It’s OK while things are going well however when something goes wrong you start to look for someone or something else to blame. Leaders take responsibility whether it’s good or bad. Taking responsibility makes you a leader. That is why people follow you. Clearly the head coach did not take responsibility for what was occurring.

  1. You put yourself first and not your team.

While the Club refused to appeal the Court decision as they deemed it would “not act against the interests of the players”, the head coach did appeal on a ‘matter of principle’ effectively putting his interests ahead of the team. It could also be argued also that the subjecting those whom you are responsible for to unknown dangers (i.e. unknown drugs in this case) is poor leadership.

3. Complacency or failure to ask questions

As the team coach, complacency or just plain incompetence for allowing an unregulated sports supplements program to be undertaken when you were ultimately responsible. As a leader you have very important responsibilities, one of which is to ask questions whether it is to ensure the safety of those you are responsible for, get the best from suppliers or seek answers to improve performance.

So as a leader, the people you are leading whether they are subordinates or people who choose to follow you, expect you to take responsibility, put the team first, actively lead the team, ask the right questions and look after their welfare……………failure to do so is NOT leadership.

Lessons for managers from Nelson Mandela

“It always seems impossible until it’s done”

Nelson Mandela

What can Nelson Mandela teach us about being a good manager?

During December, I was planning to write a blog about what businesses should do over the Festive Season in preparation for the new calendar year. However, with the death of former South African president Nelson Mandela provided an opportunity to reflect on what Mandela could teach us in our roles as business owners, managers and supervisors. Mandela was an international hero and was universally revered around the world as a vital force in the fight for human rights and racial equality against great odds.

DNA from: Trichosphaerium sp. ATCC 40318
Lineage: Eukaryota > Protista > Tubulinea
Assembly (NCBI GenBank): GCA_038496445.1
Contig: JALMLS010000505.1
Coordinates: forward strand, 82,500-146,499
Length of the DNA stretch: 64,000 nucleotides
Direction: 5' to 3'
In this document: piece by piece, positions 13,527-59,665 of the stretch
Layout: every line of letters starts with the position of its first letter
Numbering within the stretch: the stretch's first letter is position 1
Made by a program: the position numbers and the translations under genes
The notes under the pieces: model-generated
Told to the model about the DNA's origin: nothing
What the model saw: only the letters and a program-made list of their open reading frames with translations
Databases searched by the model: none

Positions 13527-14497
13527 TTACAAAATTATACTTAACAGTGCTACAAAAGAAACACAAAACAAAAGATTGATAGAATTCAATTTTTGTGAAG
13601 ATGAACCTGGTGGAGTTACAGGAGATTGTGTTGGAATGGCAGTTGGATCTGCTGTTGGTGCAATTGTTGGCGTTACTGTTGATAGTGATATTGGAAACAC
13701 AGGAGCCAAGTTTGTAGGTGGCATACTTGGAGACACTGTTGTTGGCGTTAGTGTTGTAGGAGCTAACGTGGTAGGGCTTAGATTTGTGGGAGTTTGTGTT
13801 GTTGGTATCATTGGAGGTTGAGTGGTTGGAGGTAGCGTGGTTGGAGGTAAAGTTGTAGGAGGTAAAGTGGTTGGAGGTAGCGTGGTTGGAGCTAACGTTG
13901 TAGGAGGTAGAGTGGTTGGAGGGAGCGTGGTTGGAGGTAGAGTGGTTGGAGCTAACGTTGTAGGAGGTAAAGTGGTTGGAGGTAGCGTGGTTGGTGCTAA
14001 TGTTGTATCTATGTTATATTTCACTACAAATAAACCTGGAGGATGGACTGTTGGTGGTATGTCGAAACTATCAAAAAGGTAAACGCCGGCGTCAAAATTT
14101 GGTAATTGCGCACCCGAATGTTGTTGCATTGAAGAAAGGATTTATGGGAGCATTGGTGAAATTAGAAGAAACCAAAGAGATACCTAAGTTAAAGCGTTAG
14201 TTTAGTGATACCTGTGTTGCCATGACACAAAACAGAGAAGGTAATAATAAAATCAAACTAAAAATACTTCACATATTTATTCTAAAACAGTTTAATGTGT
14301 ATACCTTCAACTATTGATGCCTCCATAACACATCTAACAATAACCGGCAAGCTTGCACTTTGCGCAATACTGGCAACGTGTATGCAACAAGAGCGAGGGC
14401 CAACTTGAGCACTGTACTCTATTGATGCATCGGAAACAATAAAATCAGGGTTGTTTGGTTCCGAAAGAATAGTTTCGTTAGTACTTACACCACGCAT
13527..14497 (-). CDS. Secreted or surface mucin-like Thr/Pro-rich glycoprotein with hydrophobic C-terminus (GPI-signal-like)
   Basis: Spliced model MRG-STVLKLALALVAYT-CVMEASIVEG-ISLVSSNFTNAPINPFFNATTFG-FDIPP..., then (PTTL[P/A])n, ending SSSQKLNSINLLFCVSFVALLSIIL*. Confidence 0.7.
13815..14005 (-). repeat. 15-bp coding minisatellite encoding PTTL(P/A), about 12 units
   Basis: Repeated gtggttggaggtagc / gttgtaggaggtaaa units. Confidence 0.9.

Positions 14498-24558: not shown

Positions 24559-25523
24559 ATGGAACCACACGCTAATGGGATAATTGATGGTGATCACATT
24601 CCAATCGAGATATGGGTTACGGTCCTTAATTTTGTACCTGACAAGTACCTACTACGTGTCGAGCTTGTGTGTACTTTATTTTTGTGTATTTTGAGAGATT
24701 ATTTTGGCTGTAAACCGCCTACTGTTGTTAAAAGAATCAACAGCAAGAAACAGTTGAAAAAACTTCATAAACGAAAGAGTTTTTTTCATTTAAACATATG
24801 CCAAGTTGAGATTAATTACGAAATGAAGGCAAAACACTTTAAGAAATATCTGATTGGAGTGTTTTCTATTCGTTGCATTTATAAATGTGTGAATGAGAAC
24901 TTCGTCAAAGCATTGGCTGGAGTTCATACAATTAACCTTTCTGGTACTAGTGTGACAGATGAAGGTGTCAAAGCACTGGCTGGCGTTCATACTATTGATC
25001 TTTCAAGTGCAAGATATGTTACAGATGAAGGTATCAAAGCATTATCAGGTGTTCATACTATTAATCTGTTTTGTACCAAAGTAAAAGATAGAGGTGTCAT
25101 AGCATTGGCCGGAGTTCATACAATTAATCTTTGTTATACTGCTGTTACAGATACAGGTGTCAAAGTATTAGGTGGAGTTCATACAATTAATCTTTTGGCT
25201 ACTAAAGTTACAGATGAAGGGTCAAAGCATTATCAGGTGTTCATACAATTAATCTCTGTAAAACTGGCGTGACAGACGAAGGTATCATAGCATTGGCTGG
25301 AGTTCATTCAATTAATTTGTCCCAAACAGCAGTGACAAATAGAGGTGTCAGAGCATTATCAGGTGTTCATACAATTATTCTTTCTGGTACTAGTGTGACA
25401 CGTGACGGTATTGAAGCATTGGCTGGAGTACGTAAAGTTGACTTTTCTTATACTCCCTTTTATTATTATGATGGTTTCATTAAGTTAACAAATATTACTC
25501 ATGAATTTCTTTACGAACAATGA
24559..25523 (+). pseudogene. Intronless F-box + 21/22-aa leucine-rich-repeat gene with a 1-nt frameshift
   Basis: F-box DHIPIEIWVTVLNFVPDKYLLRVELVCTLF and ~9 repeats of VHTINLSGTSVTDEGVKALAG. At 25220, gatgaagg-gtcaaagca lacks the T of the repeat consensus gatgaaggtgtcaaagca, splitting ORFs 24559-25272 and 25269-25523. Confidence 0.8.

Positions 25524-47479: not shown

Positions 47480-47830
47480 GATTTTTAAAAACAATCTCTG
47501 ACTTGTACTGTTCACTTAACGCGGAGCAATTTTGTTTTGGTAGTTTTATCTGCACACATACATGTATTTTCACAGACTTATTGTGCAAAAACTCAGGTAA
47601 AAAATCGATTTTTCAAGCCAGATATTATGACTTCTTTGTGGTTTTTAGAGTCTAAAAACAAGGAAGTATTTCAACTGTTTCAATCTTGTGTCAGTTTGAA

Despite over 25 years in gaol, Mandela came out of prison not seeking revenge. Instead he oversaw the relatively peaceful transfer of power in South Africa.

As Archbishop Tutu, stated:

“Could you imagine if he had come out of gaol a different man, very angry and baying for the blood of his former oppressors? We would not have made it to first base.”

Whilst I am tempted to list dozens of things Mandela could teach us as managers about leadership, it is always best to keep it simple – so here are my three top picks:

1. Integrity

Despite often being called a ‘living saint’ Mandela steadfastly refused to be recognised as such. In his books and speeches, Mandela went out of his way to point out the dangers of deifying him. He admitted to having many flaws, to having made many mistakes and to having had his integrity tested many times.

In 1985, Mandela was offered a conditional release from by President Botha if he renounced violence and obeyed the law (just racial laws). Mandela did not fall for this very transparent gesture. Whilst he desired freedom after decades in prison, he did not betray his principles, and his long struggle for democracy. Mandela replied as follows:

“What freedom am I being offered while the organisation of the people remains banned?  What freedom am I being offered if I must ask permission to live in an urban area?  Only free men can negotiate. Prisoners cannot enter into contracts.”

It was almost 5 more years before he was unconditionally released from prison. In the end, history showed that Mandela’s integrity overcame all obstacles when he  became the first democratically elected leader in South Africa. Integrity was combined with another important leadership trait……………

2. Perseverance

Despite the seemingly impossible task of obtaining democratic rule in South Africa, Mandela managed to achieve what seemed impossible

 “Perseverance always overcomes resistance”.

How many times in our business life has this occurred? I can remember feeling that a business in which I was a significant shareholder would never sell after 2 failed attempts over 2 years. There were times I was told to ‘give up’, however, when least expected, an overseas buyer which exceeded expectations.

Opportunities often come when least expected, however this takes time, energy, and focus and perseverance.

3. Vision

Mandela had an over-riding vision of a multi-racial South Africa with a strong focus on the future, not the past. He never lost sight of this vision and did not compromise his goals. Whilst suffering in prison he was offered numerous inducements to compromise his position and be released early. He declined.

His actions and words left no doubt as to his vision. Leaders with vision have passionate and dedicated followers.

I can remember asking a managing director what his vision was for the company and the reply was ‘for me to be here next year’. Can you imagine being inspired by such a person?

Integrity, perseverance and vision are all are leadership traits that Mandela can teach us as successful managers. The outpouring of emotions at his funeral from ordinary people (not the dignitaries) is testament to these qualities.

Are these traits important in your job too?